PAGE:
That’s perhaps never more true than when it comes to our foster carers.
I recently attended the launch of a new campaign to look for people who can offer a loving home to help keep brothers and sisters together, or who can care for teenagers. The centrepiece of the event was the launch of our new film, Truth Be Told, which is the third film released by the West and East Midlands Fostering Recruitment Forum. The film tells the truth about what it is like to foster – both the challenges and the rewards. We felt we should present this unvarnished reality after feedback from foster carers. They wanted us to show how sibling groups and teenagers can produce the most challenging situations for foster carers, yet they also wanted us to express how seeing the impact on these young people’s lives of good foster care can be totally rewarding. The new film therefore looks at the true stories of two sets of children and their foster carers – perfectly capturing the highs and lows of fostering.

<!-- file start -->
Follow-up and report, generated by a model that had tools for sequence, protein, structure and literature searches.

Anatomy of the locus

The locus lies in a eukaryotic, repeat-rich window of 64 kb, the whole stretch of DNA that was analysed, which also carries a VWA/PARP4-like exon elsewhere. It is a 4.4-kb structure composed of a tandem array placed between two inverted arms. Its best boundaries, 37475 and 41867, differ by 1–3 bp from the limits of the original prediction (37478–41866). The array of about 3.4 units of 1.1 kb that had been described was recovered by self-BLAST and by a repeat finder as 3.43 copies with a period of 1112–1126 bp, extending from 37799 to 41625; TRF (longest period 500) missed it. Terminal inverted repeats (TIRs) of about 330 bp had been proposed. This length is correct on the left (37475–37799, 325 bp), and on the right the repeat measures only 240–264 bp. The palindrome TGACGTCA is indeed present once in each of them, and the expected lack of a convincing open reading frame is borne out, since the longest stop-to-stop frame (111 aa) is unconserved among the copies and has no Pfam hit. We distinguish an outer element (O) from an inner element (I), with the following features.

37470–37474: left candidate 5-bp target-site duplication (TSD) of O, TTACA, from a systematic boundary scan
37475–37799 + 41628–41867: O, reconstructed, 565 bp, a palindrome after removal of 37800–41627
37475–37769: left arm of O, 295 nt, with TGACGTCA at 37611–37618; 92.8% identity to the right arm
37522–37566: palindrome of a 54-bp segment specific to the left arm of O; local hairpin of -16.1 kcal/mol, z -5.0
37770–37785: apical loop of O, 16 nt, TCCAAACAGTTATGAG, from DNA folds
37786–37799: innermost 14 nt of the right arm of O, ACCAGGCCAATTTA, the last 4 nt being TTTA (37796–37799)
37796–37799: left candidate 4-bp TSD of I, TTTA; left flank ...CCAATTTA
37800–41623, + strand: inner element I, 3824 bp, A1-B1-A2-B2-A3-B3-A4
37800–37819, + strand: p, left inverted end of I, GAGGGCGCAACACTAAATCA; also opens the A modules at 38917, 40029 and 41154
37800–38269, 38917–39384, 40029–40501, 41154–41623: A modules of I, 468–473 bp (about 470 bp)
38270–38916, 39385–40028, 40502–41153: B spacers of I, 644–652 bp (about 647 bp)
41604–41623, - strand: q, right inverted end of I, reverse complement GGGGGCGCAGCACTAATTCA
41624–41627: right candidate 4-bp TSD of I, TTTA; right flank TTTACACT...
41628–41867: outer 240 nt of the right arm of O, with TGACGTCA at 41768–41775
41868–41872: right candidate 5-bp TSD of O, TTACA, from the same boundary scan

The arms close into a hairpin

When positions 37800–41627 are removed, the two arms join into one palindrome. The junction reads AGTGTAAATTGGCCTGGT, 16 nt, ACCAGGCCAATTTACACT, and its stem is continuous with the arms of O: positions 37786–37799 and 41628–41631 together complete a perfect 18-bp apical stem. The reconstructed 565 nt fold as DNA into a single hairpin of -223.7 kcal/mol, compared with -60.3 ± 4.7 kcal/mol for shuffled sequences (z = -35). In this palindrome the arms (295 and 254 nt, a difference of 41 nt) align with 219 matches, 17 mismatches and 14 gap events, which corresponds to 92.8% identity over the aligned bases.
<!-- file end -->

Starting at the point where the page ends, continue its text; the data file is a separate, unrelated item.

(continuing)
I found the session deeply moving, yet also incredibly inspiring. It gave me a real insight into what it’s like to be a foster carer. Real stories from people who have all of the challenges, but experience the rewards too. And it made me value and respect foster carers even more. Ordinary people doing extraordinary things.
For those people who have even the slightest interest in becoming a foster carer, we have weekly drop in sessions every Wednesday from 1.30pm to 3.30pm at the Council House, Mary Stevens Park, Stourbridge. There will be people to talk to you about all aspects of foster care – something that will change your life and the lives of children who need you.
Of course other local authorities are working equally hard to recruit foster carers – check their website for details!
Martin Samuels is strategic director for people services at Dudley Council